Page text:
Scout Campers, the latest RV brand from Adventure Manufacturing, has hit the scene with an absolute vengeance this year, starting with the mid-line Olympic camper this (Northern Hemisphere) spring before moving forward with the lightest pickup camper around, the Tacoma-sized Yoho. Now it completes its lineup with the HD pickup-sized Kenai. The Kenai might be the company’s largest unit, but it still hits the scales at well below average and maintains the modular, flexible nature that invites campers to spend more time in the great outdoors, less time cramped up inside the back of a truck.
The big addition inside the walls of the Kenai is a wet bathroom complete with available fixed cassette toilet or portable toilet. Working within the compressed dimensions of its lightweight pickup camper, Scout develops a flexible bathroom space that’s a little different from other RV wet bath compartments. Instead of a shower head hanging on the wall or pulling up from a sink, it offers an optional RinseKit shower, essentially a self-contained shower-in-a-bucket.
The RinseKit stores neatly on a shelf up above the toilet and packs 7.6 liters of pressurized water, a heating option and a sprayer, providing a light, portable hot shower for use indoors or outdoors.
When used inside, the RinseKit shower works in conjunction with the stainless steel shower pan integrated into the entryway floor. Similar to the design EarthCruiser has used for years, this floor doubles as a mud room that encourages dirty adventurers to rinse their shoes, clothes and limbs before entering the greater living space. A shower curtain hangs from the ceiling and wraps around the shower pan to provide privacy.
The RinseKit shower perfectly complements the array of off-the-shelf indoor/outdoor equipment Scout carries over from its smaller models. Such features include the available Dometic gas cooktop that fires up atop the kitchen counter or a picnic table outside, the available cooler-style Dometic CFX3 75-L fridge/freezer that keeps food exactly where you want it, the 5-L portable LifeSaver Jerrycan that hangs over the kitchen sink basin as a tap and purifies water collected in the field, and a larger Goal Zero Yeti 1500 portable lithium power station that’s both the onboard electrical system and portable power pack.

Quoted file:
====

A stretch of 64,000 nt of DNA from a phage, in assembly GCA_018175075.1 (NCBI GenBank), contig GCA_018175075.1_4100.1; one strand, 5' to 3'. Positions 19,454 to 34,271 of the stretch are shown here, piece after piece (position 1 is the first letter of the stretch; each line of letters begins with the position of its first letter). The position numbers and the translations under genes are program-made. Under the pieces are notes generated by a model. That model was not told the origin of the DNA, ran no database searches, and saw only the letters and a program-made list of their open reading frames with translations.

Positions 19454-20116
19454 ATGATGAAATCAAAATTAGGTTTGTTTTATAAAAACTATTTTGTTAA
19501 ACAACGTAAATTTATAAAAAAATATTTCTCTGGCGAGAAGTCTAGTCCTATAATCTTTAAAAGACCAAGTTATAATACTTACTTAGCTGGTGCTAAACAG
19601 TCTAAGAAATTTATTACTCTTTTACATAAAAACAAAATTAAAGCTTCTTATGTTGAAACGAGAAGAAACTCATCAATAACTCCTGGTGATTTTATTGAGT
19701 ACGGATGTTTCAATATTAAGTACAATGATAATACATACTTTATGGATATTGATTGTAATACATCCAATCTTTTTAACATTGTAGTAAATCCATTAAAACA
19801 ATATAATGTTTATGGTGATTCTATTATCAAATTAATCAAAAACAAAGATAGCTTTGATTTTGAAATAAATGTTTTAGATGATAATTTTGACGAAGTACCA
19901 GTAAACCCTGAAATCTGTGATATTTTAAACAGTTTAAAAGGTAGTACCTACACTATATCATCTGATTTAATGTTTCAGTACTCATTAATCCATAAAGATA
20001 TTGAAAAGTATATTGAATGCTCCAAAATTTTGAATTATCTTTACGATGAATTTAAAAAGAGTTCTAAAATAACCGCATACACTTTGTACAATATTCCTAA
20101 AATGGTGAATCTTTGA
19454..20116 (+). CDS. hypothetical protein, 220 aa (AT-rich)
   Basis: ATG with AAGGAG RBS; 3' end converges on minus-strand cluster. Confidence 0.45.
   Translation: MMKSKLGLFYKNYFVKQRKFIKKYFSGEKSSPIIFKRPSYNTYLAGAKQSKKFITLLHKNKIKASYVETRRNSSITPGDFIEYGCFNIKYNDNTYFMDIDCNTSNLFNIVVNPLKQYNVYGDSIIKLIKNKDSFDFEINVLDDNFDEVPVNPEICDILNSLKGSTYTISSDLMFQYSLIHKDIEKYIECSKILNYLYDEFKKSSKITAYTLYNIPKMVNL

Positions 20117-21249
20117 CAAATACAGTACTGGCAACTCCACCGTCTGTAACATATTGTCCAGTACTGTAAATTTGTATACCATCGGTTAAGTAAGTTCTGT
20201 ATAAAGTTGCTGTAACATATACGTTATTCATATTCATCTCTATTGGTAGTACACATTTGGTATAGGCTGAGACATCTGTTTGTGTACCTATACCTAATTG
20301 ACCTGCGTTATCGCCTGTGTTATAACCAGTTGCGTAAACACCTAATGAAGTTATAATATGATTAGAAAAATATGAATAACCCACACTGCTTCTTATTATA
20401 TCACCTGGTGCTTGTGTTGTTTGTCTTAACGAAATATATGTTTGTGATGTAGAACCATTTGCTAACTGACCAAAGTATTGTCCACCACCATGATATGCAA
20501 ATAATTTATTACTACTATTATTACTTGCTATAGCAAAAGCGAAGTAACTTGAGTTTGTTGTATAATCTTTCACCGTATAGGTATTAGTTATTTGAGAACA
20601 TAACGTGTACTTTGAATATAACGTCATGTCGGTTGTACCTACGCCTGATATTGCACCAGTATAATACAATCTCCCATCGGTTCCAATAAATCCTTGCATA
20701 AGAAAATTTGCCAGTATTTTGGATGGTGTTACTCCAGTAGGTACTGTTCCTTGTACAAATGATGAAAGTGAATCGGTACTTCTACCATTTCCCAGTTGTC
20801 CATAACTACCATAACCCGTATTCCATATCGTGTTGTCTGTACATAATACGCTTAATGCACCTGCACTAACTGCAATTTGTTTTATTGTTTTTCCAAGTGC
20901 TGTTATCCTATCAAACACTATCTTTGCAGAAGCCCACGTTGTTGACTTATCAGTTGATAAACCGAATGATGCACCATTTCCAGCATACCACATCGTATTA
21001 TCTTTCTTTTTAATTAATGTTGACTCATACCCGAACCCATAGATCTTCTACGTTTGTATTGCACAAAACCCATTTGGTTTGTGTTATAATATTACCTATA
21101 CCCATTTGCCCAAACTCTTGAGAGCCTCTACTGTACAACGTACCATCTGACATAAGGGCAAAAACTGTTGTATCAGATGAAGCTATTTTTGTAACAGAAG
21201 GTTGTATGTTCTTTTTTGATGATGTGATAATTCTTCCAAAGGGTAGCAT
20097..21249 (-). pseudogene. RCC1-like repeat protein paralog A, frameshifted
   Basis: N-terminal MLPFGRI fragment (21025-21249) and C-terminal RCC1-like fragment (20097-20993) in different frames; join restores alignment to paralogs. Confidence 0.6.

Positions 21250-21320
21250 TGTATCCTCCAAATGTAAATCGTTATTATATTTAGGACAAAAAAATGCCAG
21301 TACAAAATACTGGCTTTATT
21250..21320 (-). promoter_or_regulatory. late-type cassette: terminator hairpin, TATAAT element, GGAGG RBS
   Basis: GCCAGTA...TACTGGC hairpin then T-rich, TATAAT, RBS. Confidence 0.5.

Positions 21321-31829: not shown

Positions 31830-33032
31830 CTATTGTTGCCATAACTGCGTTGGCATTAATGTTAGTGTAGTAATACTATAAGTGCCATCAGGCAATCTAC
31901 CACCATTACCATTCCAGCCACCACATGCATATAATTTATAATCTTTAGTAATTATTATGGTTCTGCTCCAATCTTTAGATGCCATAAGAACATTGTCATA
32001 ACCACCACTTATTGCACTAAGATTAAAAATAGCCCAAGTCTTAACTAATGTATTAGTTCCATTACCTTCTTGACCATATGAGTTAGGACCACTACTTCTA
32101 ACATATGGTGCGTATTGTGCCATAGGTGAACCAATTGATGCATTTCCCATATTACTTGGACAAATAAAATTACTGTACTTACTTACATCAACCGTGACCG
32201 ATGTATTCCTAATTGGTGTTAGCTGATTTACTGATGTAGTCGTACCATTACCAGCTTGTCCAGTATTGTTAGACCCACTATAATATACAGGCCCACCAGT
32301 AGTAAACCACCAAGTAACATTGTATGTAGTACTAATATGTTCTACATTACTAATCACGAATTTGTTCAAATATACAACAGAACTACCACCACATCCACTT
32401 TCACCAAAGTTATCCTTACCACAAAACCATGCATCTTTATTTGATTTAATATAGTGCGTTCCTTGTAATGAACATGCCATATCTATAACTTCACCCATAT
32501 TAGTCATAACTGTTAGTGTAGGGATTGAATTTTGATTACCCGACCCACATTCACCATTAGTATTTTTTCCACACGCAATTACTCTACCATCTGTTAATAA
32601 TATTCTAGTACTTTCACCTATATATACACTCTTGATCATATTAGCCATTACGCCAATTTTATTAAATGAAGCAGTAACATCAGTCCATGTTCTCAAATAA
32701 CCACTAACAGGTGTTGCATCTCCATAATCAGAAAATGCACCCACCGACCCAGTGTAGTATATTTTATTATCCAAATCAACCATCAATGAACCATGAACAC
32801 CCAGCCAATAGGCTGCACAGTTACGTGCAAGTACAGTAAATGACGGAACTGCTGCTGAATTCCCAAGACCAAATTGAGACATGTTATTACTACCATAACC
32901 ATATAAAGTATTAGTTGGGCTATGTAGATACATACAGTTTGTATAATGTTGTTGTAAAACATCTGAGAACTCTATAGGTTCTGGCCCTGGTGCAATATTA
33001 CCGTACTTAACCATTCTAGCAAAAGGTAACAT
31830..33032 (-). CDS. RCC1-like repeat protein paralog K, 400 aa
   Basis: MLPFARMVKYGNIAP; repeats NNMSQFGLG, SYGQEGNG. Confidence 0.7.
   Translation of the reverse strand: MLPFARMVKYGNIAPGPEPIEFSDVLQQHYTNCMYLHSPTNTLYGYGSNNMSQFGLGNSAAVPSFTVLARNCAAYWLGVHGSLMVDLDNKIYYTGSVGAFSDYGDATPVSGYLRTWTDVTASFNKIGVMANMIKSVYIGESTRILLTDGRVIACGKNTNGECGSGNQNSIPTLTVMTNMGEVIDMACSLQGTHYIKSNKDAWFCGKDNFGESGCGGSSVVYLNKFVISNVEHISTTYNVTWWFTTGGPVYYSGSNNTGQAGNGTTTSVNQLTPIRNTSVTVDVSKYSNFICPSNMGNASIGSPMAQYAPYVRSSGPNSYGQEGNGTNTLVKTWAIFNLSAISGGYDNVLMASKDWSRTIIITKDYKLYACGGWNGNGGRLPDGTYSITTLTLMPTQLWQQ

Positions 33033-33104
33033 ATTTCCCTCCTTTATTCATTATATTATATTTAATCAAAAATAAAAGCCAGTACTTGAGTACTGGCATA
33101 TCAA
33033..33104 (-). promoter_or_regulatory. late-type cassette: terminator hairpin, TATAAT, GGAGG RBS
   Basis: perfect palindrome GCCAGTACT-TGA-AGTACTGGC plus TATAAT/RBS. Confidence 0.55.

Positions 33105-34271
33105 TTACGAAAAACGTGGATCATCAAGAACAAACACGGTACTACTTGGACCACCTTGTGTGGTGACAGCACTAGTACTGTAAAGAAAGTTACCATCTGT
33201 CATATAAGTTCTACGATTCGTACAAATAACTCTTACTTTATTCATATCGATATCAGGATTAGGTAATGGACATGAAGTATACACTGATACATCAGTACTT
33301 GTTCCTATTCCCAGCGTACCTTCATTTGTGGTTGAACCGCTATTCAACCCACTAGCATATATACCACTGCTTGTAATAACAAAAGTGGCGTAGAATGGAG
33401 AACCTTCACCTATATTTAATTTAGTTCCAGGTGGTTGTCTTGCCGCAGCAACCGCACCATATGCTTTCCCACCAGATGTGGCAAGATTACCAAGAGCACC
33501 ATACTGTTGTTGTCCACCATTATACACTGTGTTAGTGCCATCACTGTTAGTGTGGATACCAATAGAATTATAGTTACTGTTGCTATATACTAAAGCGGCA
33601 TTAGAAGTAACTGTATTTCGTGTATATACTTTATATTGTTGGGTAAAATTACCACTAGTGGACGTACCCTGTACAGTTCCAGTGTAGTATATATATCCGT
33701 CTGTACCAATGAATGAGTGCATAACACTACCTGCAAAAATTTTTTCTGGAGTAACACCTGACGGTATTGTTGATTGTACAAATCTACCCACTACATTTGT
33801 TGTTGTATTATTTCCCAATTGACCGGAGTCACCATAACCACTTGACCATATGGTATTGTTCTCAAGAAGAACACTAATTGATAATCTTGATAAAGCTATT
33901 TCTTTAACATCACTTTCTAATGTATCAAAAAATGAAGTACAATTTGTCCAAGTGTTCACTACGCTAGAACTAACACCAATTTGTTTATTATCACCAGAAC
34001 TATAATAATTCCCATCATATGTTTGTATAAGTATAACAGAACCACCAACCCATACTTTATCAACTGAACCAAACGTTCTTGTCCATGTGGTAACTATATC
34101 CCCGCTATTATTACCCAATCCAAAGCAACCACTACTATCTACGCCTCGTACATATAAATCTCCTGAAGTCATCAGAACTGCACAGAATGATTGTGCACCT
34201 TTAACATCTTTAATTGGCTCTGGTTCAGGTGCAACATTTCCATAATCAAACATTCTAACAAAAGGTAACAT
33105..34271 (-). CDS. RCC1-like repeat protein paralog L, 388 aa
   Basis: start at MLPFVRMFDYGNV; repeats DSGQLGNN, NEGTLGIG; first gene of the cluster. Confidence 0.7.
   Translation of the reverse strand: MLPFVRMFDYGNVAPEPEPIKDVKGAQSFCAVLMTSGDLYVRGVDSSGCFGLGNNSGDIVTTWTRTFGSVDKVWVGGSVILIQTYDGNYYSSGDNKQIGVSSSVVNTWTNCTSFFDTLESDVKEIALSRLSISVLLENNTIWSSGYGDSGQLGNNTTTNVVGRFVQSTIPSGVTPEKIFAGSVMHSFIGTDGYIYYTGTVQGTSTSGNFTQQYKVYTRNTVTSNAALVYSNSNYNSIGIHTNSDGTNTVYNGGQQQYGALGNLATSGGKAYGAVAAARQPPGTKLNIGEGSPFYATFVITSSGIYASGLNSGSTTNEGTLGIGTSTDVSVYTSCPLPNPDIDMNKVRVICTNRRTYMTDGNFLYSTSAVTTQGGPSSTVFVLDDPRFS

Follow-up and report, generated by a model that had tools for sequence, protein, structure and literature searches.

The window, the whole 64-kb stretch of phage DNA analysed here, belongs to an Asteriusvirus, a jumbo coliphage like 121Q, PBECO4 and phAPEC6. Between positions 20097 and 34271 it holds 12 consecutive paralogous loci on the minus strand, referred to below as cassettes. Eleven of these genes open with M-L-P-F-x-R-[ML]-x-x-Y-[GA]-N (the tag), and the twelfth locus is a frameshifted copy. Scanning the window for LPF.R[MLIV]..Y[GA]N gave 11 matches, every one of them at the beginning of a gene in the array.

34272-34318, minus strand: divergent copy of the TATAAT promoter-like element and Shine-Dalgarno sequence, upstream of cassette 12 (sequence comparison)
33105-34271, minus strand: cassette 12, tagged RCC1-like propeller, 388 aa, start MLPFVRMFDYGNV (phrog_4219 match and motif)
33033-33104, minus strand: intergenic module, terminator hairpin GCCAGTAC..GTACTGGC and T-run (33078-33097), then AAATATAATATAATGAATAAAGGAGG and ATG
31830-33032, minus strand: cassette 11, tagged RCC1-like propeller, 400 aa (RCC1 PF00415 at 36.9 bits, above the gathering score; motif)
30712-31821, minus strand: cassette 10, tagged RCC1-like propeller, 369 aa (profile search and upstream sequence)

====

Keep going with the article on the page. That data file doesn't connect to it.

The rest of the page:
The kitchen equipment is all located along the driver-side wall, across from the L-shaped dinette that converts into a bed. The master bed is located in the over-cab alcove, expanding into a proper 60 x 80-in (152 x 203-cm) queen.
The Kenai also comes standard with a 160-W solar panel stuck to the roof, interior LED strip lighting, a solar-charged porch light, marine flooring and Pendleton fabrics. The camper body is made from hybrid-composite construction reinforced with an aluminum exoskeleton frame. A six-sleeper configuration is completed by the optional Roost hardshell roof-top tent, and winter camping is made much more pleasant with the available Dickinson Marine Newport propane fireplace.
The Kenai has a base dry weight of 1,370 lb (621 kg), so some half-ton pickups might work, but the camper will likely appeal more to those with 3/4- or 1-tons. Personally, we like the smaller truck footprints of the lighter Yoho and Olympic models, but we can certainly see the allure of the indoor wet bath.
The Kenai starts at US$23,625, but if you really want to take advantage of the design, you’ll have to put down extra to build up the wet bath. The cassette toilet plus RinseKit shower will add $1,366 to the base price, while those looking to build a proper kitchen will spend an extra $1,495 on the Dometic cooktop and fridge. Reservations are available now with a $500 deposit, and Scout estimates lead times at three to four months.
Source: Scout Campers
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